The XYX Lab discovered that design objects such as “sexualised and sexist advertising in public transport spaces” caused women and girls to “feel quite vulnerable and unsafe.”

 

Pictured: Armidale Station. Photo credit: Jessica Whitty.

 

Pictured: Flinders Street Station. Photo credit: Jessica Whitty.

 

The XYX Lab looks at the “triangulations” of “design, communication and the nature of public transport” and then uses these elements not only to design “solutions” but also to “understand them”. These communal areas “require design thinking and design methods, and then we co-design as a way to think about solutions,” concludes Dr Kalms.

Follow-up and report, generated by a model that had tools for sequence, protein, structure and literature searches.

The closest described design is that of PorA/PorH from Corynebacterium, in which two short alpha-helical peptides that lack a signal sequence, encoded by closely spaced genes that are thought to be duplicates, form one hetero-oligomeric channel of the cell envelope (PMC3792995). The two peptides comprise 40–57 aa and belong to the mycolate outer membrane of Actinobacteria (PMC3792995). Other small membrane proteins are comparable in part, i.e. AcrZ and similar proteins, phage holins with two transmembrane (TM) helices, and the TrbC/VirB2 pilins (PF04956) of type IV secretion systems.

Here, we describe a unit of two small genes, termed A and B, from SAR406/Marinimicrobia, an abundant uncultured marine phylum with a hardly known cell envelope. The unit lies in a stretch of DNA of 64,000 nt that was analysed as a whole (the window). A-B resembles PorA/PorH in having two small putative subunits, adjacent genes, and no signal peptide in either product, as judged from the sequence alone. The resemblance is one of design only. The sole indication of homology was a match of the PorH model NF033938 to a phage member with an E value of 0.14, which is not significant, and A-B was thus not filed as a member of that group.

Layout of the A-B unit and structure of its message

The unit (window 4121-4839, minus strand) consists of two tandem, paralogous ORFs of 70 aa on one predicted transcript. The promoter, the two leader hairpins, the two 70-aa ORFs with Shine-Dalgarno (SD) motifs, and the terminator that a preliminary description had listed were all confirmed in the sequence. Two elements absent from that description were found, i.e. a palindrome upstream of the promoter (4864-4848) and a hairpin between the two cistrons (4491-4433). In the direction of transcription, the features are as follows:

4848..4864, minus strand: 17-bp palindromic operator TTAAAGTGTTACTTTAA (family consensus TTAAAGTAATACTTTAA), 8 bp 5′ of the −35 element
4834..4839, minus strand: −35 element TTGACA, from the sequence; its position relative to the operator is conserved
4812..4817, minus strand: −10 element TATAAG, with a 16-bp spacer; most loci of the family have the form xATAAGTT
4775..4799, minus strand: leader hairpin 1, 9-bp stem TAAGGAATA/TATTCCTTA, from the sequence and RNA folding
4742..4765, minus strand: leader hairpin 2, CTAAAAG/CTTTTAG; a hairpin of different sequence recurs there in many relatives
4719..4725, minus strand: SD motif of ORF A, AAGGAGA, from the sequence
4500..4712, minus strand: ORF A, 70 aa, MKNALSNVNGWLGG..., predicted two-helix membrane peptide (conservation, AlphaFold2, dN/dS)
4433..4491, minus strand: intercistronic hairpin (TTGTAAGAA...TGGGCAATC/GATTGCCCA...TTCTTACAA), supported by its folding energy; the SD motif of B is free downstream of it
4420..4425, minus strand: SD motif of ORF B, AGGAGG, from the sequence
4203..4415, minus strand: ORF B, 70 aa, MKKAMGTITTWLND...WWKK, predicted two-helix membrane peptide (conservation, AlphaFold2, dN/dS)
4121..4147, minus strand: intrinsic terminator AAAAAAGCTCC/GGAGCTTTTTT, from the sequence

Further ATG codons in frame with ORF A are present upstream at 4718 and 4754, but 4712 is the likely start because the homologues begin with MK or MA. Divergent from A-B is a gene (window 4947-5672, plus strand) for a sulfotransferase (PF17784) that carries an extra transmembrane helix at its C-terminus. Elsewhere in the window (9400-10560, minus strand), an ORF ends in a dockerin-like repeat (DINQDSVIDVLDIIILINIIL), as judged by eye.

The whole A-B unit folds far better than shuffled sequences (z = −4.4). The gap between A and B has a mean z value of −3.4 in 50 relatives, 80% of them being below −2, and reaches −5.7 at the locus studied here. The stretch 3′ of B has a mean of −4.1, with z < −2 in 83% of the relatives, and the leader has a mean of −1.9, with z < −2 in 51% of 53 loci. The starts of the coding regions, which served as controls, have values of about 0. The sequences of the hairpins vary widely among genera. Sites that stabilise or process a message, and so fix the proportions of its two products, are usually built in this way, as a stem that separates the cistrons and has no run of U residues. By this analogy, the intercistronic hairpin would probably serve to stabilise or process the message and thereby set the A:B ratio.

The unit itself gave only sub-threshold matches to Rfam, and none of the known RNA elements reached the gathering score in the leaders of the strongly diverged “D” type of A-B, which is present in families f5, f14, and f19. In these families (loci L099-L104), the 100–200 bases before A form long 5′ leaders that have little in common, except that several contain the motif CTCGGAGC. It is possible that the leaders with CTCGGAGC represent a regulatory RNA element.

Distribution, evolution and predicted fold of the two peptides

It’s time for all of Australia to acknowledge sexual harassment towards women as a real problem.

As Dr Stone argues, “designers and planners [need] to take it seriously and not retreat to a position where it hasn’t happened to them.

“There’s a really strong push for women to speak up and what is needed by the planning profession is to take their perspectives seriously,” he concludes.

Dr Derlie has the final word. She contends that “we as women must be on the table at all times to advocate these issues,” but for change to occur women also “require the support of our change partners to create a critical mass.”

“While urban design and planning can help and support the co-creation of a more gender-sensitive and gender-inclusive city, design alone could not achieve this.

“Urban design and planning must be undertaken alongside a suite of interventions including policy change, awareness raising, improved infrastructure and behaviour change, with the end goal of shaping a more inclusive society,” she concludes.

 

Learn more about XYX Lab here.

 

 

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15/01/2018 9:57:49 AM

Power & Policy